Objectification can be detrimental to relationships. In some cases, it can even be the first step to dehumanization and abuse.
A study by Princeton psychologists showed a group of men pictures of male and females, some barely clothed and some not. During the study, the psychologists monitored their medial prefrontal cortex (mPFC), which is involved in recognizing human faces and distinguishing one person from another. For the most part, the mPFC was activated with each picture. However, when the men viewed the sexual images, it was not activated. Basically, the automatic reaction in the men’s brains suggests that they didn’t perceive the women as fully human, just as a body.
This is why both mainstream porn and sending explicit pics can ultimately drive a wedge in relationships, instead of build intimacy.
– Sexting is linked to revenge porn, harassment, sextortion, and blackmail. Nudes are just not worth it.
Think about this, next time you’re asked to press send: sexts rarely just stay with the recipient. Most share the intended “private” pictures with their friends, and even online.
A recent study at the University of Kent shows that about 99% of people surveyed expressed at least some approval with nonconsensual explicit pics being posted online, especially when they were presented with a scenario about a partner walking out on them.
And while the study found that only 29% of participants in the study reported that they would actually ever post revenge porn, it’s still a sickening indicator of how our culture views the seriousness of digital sexual slavery. The study was clear to point out that not everyone has a regular desire to publish revenge porn, but more than of 87% of respondents expressed an excitement or amusement toward it. Not cool.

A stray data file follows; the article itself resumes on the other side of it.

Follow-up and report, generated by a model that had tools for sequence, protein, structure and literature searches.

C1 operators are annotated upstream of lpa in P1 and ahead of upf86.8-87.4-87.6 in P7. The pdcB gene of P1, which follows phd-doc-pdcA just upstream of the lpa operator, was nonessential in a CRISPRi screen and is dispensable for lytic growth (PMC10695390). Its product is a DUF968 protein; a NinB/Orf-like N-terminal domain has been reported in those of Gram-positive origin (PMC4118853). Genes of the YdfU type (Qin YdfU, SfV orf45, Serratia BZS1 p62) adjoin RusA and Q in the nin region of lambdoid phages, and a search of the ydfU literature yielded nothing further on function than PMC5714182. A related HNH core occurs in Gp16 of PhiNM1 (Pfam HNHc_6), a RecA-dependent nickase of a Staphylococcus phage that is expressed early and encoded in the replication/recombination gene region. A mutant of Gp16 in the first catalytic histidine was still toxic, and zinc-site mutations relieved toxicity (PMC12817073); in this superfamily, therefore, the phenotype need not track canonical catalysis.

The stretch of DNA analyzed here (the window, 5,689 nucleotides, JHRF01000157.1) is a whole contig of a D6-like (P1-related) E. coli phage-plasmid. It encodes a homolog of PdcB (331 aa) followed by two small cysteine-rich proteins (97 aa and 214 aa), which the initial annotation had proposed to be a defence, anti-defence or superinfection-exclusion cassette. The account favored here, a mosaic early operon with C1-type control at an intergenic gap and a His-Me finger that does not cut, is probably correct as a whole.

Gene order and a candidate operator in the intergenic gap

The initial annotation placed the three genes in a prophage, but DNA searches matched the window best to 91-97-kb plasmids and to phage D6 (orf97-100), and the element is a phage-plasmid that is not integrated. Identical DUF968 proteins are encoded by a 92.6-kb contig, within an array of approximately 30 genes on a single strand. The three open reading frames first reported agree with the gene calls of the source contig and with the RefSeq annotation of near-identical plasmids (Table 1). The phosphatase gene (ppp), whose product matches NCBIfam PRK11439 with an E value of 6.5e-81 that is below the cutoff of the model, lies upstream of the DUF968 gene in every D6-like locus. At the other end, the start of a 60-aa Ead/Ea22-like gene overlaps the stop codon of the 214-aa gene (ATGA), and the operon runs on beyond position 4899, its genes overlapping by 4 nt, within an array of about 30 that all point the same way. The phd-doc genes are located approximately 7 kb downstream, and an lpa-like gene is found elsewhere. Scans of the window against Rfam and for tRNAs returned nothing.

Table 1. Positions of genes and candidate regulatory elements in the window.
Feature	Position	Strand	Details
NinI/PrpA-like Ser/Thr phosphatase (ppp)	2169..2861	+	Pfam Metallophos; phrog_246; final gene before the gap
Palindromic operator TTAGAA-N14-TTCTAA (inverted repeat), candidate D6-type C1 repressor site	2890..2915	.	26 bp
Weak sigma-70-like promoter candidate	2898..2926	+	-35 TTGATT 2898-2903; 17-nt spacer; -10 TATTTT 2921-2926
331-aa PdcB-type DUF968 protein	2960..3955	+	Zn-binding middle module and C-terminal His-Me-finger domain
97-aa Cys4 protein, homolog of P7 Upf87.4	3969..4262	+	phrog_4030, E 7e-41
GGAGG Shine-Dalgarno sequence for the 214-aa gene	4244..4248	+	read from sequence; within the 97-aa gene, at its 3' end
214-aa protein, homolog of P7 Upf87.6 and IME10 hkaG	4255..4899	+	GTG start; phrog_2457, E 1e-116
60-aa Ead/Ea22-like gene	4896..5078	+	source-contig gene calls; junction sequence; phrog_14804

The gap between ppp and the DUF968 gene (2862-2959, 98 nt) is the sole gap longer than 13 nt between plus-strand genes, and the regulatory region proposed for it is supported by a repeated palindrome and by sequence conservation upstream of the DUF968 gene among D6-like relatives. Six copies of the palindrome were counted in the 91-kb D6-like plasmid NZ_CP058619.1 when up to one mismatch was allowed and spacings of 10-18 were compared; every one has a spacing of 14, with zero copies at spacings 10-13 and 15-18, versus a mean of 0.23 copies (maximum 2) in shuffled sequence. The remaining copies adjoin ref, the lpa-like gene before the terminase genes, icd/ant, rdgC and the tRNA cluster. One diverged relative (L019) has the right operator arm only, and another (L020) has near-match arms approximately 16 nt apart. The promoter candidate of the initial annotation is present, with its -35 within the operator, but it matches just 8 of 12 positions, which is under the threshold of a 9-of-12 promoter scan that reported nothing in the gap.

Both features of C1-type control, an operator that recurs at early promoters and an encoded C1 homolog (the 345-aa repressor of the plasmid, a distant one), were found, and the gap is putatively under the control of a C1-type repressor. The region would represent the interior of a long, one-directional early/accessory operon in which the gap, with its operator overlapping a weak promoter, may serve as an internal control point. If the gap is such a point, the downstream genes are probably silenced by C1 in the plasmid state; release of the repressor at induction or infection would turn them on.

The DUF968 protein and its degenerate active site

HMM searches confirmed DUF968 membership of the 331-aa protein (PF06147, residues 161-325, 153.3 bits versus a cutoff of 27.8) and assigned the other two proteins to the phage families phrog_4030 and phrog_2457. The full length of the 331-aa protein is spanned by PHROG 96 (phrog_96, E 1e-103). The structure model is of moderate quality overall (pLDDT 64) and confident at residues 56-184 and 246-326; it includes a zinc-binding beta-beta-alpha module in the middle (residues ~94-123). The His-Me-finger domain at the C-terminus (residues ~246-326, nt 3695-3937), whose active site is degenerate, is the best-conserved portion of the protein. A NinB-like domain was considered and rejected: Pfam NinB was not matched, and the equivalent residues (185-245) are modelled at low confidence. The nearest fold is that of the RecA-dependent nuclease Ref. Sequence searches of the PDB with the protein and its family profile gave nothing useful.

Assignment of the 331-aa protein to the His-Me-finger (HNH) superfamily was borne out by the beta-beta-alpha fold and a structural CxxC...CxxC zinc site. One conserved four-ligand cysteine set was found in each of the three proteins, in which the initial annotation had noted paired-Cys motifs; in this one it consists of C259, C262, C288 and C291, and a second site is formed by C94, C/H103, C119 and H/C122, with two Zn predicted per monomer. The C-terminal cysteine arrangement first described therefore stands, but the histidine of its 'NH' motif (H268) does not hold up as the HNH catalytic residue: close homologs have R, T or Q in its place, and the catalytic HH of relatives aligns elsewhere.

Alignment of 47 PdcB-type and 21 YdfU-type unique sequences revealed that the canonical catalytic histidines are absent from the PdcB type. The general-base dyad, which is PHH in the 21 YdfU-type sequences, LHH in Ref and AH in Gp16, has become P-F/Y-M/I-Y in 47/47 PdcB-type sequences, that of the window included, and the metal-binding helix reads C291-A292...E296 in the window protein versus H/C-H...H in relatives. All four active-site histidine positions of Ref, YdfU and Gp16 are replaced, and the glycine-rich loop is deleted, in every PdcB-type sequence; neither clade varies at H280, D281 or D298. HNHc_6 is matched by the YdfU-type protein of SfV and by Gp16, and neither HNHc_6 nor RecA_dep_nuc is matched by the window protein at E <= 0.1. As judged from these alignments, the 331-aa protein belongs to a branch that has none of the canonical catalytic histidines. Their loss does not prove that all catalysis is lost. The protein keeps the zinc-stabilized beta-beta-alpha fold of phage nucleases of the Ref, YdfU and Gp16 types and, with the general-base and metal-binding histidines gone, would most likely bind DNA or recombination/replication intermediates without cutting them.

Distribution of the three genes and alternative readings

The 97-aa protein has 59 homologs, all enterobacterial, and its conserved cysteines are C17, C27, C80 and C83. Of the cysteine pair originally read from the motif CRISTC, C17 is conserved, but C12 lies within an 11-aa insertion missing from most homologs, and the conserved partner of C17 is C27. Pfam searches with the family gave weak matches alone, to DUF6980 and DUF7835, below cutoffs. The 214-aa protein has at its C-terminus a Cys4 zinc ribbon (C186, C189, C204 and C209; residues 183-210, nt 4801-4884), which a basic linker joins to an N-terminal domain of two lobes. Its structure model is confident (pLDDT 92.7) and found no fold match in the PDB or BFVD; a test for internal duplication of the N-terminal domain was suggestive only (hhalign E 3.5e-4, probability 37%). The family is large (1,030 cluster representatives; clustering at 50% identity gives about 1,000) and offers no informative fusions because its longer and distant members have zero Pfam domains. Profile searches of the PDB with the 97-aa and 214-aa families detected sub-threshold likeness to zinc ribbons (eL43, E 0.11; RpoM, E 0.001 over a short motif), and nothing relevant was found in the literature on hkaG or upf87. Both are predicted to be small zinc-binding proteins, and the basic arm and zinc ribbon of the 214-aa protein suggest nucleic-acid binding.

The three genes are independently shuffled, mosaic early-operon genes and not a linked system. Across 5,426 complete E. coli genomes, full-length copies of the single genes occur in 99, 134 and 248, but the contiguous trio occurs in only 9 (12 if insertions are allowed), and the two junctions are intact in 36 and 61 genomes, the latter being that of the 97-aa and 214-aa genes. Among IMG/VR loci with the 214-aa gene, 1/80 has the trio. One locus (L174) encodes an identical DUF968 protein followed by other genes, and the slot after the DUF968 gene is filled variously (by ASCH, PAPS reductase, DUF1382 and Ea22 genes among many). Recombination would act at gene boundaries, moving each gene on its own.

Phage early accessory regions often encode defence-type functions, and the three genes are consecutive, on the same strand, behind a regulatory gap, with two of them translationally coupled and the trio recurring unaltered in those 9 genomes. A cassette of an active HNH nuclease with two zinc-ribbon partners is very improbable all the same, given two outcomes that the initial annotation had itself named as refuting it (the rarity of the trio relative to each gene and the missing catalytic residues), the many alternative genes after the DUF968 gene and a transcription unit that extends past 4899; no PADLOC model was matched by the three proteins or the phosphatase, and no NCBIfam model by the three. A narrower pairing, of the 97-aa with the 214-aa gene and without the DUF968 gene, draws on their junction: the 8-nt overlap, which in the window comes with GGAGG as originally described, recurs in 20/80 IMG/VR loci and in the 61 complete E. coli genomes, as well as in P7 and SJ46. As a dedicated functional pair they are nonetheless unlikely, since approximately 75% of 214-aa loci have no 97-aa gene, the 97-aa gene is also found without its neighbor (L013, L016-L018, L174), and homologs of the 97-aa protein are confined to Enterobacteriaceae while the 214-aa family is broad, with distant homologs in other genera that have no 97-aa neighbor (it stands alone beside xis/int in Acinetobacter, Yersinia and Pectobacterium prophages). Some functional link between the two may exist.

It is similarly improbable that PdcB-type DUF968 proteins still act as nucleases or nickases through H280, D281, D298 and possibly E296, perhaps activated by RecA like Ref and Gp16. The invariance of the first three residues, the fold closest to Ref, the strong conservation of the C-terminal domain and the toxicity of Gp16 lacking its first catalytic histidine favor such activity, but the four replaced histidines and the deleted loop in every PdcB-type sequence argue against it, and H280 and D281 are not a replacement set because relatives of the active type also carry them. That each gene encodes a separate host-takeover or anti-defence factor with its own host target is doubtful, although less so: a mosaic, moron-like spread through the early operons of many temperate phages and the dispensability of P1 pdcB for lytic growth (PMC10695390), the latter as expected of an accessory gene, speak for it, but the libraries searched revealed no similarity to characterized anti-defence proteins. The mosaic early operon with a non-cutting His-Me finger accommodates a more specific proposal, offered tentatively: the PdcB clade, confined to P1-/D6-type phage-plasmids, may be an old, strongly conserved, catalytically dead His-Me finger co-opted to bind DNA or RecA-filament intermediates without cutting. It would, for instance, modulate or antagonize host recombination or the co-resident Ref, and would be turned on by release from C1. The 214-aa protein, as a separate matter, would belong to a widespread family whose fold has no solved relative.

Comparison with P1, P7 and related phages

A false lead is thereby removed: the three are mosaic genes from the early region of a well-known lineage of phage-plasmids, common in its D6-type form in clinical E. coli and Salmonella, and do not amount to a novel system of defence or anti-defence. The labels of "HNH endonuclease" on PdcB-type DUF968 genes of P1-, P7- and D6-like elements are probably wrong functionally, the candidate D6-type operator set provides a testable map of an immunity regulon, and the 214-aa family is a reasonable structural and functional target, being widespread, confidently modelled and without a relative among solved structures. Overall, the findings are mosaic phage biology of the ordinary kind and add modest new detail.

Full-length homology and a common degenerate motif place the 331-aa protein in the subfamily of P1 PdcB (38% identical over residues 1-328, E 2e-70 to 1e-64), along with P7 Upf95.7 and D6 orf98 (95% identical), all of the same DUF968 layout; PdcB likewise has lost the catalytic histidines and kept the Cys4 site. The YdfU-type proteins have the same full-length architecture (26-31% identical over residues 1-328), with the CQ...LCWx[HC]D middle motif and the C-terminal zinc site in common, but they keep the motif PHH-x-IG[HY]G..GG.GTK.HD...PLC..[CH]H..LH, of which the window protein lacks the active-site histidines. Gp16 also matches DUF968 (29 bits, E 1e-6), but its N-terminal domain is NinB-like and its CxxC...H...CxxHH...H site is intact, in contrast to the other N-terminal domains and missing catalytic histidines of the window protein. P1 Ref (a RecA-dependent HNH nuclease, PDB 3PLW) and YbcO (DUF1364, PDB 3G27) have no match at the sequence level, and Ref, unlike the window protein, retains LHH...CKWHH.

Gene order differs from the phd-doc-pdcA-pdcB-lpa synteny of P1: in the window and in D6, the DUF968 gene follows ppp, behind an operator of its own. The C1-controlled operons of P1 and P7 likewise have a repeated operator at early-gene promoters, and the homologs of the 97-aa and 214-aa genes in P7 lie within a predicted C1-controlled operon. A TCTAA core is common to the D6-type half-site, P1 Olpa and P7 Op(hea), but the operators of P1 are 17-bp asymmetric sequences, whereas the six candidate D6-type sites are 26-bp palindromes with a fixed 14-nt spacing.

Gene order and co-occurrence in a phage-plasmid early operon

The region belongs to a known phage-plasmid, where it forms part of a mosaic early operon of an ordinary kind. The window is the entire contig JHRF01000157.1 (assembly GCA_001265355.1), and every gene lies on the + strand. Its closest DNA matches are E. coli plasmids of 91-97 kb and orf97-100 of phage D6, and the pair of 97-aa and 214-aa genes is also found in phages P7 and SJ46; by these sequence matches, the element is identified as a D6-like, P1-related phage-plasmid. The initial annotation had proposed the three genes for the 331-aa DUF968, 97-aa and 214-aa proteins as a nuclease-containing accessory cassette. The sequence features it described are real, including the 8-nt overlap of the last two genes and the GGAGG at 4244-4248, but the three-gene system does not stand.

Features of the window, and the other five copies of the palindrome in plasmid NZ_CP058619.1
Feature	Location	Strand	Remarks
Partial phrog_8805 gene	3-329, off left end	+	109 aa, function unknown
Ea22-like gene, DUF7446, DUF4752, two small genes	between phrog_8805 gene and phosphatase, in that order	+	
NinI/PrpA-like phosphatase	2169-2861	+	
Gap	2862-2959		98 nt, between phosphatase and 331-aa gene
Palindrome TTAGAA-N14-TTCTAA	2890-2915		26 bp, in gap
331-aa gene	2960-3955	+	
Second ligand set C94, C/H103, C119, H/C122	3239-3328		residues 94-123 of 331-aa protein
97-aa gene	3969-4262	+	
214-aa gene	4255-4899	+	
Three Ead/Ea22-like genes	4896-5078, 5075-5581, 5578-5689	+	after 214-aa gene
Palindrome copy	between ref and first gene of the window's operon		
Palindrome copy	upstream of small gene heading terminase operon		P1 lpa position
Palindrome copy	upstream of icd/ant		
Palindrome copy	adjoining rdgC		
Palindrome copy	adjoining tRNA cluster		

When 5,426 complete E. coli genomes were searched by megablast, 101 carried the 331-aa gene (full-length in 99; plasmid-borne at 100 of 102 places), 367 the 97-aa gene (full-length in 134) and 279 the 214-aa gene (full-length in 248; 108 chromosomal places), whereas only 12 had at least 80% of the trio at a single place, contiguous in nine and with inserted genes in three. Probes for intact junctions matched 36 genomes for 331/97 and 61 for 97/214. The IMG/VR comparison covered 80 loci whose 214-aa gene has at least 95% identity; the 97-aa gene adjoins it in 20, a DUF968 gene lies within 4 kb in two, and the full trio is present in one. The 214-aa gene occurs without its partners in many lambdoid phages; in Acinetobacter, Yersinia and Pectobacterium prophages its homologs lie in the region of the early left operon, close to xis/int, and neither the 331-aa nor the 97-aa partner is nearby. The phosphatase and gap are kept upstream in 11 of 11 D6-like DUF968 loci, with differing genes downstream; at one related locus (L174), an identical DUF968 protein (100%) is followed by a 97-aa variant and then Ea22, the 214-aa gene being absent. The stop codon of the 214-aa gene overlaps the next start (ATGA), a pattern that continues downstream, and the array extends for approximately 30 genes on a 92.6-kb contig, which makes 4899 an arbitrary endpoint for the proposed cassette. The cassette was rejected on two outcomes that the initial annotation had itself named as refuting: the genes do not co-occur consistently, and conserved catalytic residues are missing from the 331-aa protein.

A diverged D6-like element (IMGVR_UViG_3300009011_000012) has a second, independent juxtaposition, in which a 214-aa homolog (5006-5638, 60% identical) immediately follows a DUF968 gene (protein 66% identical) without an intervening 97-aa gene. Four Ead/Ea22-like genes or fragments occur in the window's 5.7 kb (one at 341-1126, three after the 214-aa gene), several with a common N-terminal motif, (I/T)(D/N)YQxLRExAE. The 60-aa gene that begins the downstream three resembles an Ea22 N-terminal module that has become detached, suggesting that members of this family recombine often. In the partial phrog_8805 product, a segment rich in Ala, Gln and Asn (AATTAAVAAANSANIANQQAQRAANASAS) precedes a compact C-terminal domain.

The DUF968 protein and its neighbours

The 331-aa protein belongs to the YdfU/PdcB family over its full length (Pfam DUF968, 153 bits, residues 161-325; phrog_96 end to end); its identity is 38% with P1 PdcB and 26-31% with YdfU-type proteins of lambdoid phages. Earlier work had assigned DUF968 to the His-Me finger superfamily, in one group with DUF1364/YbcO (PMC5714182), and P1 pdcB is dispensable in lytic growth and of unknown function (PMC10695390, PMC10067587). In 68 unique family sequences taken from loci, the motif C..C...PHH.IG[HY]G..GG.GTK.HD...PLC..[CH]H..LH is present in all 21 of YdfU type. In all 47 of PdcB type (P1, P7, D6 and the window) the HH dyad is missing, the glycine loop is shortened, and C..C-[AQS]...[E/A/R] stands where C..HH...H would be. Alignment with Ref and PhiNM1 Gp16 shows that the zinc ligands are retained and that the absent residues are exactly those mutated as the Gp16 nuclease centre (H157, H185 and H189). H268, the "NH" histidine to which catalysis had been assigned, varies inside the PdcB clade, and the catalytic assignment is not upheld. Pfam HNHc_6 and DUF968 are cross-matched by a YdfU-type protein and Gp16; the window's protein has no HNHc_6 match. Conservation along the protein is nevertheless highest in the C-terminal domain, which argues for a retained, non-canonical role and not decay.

Send the Facts, Not Nudes
So, the next time you’re in a situation where this seemingly harmless exchange of images is about to go down, remember how pressing that send button can never be taken back. Sexting can open up a door to a much more serious world of child pornography and revenge porn that can end up seriously damaging the lives of real people.
Bottom line: Sending and receiving nude/sexual pics or vids just isn’t a smart idea. Either you’re under 18 and at risk of child pornography charges, or you’re over 18 and at risk of having your photos posted online for the entire world to see…or both.
Neither are great options.
Basically, be like this Fighter who sent us a screenshot of a text he received from a spam account a while ago:
Well played, man. Well played.
Have you sent nudes while you were under 18?
As you can see from the surveys above, teens are sending and receiving nudes now more than ever. If you have nudes online from when you were under 18, you’re not alone—there is help to get them removed. Take It Down is a free resource created by the National Center on Missing and Exploited Children (NCMEC) created to help you remove online nude, partially nude, or sexually explicit photos and videos taken before you were 18. If you’ve sent an explicit picture to someone while you were under 18, and now they’re threatening you or have posted it somewhere, or even if you’re unsure whether the image has been shared but want some help to try to remove it from places it may appear online, this service is for you.
Take It Down is a free service that can help you remove or stop the online sharing of nude, partially nude, or sexually explicit images or videos taken of you when you were under 18 years old. You can remain anonymous while using the service, and you won’t have to send your images or videos to anyone. You can learn how to use Take It Down, a free, anonymous resource, here.
For more victim resources, click here.